Alaska's new state-of-the-art airport in Tununak shut down due to sinking runway as permafrost is melting from climate change!

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    About a year ago, Tununak opened a $19 million, state-of-the-art airport.
    But now, local airlines are refusing to fly there.
    The village’s shifting permafrost is buckling the runway, and both Ravn Alaska and Grant Aviation say that it’s too dangerous for pilots to land on it safely.
    According to Gordon Tester, Tununak’s school principal, the airport has been effectively shut down since last Thursday.
    Community members weren’t really told what was happening.
    “We were calling the airlines [and] asking when the next plane was coming in,” Tester said.
    “And they just said they’re not landing until further notice.
    Well, then you have to ask, ‘well what is further notice?'”
    It was only then, said Tester, that Tununak residents discovered that Ravn and Grant had stopped flying to their village altogether.
    Like most Alaskan communities off the road system, Tununak relies on air travel for many goods and services.
    “It’s impacted the community because the shelves in the store are pretty much empty,” Tester said. “We haven’t received mail in over a week or so.”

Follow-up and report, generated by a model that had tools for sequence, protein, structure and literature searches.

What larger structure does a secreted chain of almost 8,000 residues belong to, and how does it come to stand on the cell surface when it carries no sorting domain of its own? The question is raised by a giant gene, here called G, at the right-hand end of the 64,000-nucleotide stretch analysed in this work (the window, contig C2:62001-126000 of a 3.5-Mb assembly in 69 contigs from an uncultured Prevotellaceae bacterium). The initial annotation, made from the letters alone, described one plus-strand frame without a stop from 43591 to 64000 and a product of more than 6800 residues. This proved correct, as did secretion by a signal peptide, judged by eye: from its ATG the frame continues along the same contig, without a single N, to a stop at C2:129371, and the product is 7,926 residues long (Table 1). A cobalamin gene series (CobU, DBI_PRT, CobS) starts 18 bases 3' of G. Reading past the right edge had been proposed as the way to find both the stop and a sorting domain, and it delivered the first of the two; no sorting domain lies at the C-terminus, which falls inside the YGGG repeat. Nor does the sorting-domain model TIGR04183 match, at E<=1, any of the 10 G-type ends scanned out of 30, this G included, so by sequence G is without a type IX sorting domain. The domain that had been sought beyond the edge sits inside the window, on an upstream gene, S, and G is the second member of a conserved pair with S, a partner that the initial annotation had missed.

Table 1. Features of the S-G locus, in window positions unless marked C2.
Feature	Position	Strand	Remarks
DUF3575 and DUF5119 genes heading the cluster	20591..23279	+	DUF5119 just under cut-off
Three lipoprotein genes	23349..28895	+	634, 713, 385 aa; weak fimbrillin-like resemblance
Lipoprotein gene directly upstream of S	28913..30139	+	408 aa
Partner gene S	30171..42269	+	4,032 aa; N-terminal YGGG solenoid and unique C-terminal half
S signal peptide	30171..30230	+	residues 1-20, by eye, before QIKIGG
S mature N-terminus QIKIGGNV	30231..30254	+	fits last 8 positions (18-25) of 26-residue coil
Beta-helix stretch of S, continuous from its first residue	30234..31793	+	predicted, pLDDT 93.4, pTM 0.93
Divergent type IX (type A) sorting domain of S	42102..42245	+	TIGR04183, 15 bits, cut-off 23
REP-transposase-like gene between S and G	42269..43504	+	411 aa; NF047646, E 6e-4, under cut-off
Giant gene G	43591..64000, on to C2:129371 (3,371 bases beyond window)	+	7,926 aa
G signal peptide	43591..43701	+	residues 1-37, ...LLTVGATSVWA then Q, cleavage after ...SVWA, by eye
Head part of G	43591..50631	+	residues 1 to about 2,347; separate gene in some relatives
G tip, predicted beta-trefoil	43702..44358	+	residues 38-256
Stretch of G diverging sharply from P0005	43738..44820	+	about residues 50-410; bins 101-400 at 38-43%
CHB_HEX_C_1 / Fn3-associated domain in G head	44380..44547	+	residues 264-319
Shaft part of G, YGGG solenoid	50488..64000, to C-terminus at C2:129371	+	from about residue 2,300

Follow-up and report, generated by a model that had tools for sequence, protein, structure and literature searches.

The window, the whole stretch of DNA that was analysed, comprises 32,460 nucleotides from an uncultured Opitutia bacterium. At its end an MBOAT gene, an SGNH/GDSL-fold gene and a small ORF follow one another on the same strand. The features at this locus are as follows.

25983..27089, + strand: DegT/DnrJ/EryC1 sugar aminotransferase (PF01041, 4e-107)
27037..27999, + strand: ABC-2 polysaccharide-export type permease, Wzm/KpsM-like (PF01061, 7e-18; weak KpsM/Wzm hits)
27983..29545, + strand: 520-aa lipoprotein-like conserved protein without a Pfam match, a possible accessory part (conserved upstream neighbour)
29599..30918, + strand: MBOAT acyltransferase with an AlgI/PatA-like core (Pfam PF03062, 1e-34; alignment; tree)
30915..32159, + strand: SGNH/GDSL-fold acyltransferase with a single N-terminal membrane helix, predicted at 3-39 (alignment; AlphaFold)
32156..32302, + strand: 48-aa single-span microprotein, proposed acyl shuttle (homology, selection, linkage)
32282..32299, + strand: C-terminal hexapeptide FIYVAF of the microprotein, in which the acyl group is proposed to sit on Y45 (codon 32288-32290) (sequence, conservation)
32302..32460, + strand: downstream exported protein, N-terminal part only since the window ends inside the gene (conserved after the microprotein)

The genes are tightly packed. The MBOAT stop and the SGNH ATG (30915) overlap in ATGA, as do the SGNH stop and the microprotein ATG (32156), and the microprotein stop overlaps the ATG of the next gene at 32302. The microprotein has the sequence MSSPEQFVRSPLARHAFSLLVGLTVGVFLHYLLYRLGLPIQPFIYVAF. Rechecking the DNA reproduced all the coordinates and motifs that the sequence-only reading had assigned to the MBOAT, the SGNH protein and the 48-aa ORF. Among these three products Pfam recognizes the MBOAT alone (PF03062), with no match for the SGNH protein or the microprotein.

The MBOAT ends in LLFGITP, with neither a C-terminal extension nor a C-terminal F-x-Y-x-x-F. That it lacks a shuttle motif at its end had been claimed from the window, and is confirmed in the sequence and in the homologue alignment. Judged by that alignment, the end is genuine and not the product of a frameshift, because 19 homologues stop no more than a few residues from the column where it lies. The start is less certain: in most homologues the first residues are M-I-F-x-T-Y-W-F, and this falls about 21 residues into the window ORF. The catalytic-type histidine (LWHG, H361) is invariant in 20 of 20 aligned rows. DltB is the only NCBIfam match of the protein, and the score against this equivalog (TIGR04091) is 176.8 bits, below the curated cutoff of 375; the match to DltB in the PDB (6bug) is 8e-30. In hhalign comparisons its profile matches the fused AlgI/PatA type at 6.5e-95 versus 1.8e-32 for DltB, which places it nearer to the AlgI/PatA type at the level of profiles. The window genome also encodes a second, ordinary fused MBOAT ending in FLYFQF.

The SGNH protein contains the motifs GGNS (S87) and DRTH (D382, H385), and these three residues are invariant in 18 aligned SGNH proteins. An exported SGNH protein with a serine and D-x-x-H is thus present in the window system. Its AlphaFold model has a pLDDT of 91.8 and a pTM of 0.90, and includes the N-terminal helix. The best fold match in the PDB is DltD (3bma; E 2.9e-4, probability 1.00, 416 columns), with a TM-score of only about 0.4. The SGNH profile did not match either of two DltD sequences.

According to Tribal Administrator James James, several elderly residents are concerned about receiving their medications, some of which need to be refilled by mail.
    For now, community members are driving across the tundra on four-wheelers to pick up their groceries and mail in Toksook Bay.
    Tester drove himself there the other day to pick up vegetables and an order of plastic lunch trays for the school.
    People have been joking about their bumpy flights in and out of Tununak for a while now, and Tribal Administrator James James said that he notified the Department of Transportation about the faulty runway earlier this year.
    The lower third of it is riddled with potholes, and now it’s starting to sink.
    According to Department of Transportation spokesperson Shannon McCarthy, the melting permafrost may be buckling under the airport’s weight.
    “We do expect some of that settling whenever we’re building on tundra or ice-rich soils,” McCarthy said.
    “We did expect some, but we didn’t expect this level of settling.”
    Tununak’s old airport didn’t have these sorts of problems, but McCarthy said that it still needed to be replaced.
    The old runway was built near the coast, and winter weather conditions made it difficult for planes to land there.
    As far as the new airport is concerned, McCarthy said that the Department of Transportation is sending one of its expert grader operators to Tununak with construction workers to assess the situation, but that their flights have been delayed by the autumn storms.
    Because their assessment has been delayed, McCarthy said that the Department of Transportation does not have a timetable yet for when Tununak’s runway will be fixed.

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